Last weekend, I had three sets of papers to grade. I’d picked them up and put them down for two days. So when I woke up Saturday morning, I knew I could procrastinate no longer. Maybe that’s why this image played over and over in my head.
That might also be why on the way to the office I stopped at two, yes two, fast food restaurants. White flour and sugar are paper-grading crack. Chocolate is also useful.
Do not judge me.
It was Valentine’s Day, so my first stop netted these. (Yes, those are blueberries and full of antioxidants.)
I’m pretty sure the hearts didn’t make it past Paper Two.
I’ve tried to think about why I get twitchy when I grade–other than the obvious ingestion of sugar and caffeine. And here’s what I’ve come up with.
The amount of time involved boggles the mind.
I teach English, so I can’t do the standard workaround for not correcting grammar and crappy sentences (technical term) and grade on content alone. Across disciplines, some tireless colleagues also work to correct issues beyond content and I applaud them. I’m not sure that if I could, at least some of the time, I wouldn’t go with the this content looksvery good shortcut.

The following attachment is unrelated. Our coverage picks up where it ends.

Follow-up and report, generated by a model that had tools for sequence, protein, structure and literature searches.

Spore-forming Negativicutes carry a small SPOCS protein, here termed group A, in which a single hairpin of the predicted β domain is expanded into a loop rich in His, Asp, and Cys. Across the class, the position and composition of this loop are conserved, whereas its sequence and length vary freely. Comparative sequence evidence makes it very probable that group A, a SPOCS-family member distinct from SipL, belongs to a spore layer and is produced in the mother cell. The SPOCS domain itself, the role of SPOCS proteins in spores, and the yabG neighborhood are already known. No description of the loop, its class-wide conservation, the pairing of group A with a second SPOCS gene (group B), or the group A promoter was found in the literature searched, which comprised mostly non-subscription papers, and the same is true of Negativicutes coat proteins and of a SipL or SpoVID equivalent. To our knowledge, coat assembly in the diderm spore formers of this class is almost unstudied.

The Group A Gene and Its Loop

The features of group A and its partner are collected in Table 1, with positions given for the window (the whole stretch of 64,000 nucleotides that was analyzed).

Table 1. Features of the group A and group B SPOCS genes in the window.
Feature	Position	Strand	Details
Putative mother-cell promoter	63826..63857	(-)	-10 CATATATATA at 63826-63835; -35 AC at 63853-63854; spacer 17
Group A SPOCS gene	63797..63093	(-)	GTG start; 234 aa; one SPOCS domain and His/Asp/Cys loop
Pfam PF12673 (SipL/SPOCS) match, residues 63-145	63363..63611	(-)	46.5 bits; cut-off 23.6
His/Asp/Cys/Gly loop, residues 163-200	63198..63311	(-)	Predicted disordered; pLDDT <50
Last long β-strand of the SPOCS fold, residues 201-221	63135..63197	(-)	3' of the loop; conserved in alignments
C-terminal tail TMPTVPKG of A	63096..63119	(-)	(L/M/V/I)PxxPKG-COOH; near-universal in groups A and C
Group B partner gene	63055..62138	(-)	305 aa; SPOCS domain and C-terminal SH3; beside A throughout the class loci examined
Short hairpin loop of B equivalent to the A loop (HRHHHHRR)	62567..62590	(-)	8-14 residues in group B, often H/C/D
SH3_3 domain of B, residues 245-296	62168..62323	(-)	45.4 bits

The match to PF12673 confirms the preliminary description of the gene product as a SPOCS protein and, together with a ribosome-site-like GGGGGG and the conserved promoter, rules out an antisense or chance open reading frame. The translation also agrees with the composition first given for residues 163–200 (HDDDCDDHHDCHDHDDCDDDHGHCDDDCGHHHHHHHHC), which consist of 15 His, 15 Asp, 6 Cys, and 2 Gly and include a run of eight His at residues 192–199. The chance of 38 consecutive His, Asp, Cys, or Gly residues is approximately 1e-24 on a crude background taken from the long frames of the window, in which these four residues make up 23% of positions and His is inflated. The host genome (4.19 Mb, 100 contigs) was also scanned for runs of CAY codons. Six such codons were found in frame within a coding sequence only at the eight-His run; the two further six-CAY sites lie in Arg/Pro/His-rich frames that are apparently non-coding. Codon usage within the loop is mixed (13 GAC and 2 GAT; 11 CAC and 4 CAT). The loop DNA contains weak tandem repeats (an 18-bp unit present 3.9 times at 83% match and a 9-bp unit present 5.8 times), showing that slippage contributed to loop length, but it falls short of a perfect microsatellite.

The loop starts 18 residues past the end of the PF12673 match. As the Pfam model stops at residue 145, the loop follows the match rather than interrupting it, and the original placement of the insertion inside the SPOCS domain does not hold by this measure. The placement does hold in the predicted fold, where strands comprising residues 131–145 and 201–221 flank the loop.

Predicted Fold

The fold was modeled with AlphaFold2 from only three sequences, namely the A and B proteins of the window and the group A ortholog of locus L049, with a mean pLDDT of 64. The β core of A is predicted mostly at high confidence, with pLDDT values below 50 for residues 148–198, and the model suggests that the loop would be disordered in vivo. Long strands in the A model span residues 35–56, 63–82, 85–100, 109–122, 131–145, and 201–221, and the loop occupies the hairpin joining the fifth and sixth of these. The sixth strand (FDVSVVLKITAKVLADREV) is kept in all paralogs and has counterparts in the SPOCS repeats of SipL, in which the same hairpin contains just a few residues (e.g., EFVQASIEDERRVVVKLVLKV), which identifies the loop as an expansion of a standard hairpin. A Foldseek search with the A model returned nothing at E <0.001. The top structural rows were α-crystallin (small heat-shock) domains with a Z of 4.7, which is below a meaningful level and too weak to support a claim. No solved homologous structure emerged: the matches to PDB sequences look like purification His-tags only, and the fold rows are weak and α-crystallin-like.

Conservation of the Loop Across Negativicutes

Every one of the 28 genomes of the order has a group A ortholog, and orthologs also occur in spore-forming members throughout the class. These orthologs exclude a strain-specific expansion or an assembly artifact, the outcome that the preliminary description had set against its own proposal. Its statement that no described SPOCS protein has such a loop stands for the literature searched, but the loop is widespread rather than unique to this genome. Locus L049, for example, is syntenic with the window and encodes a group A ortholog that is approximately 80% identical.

Some people talk about the hours that teachers spend not working. Other people equate my twelve-hour teaching load with the number of hours I work. These people have never prepped a class, worked with students, or tried to grade a paper. At a wedding reception last fall, I sat next to a delightful woman from Chapel Hill. A few years back, she’d left a lucrative and busy career in the sciences to teach literature at the high school level. She taught in what people recognize as one of the best systems in our state, but she left teaching after several years because she could not justify the time that she took from her family life to grade. Weeknights were busy with planning for classes and working through daily issues that come up when you deal with large groups of people. Most of her grading was done on weekends. It never stopped, and it couldn’t be put off. She’s back at that lucrative science career.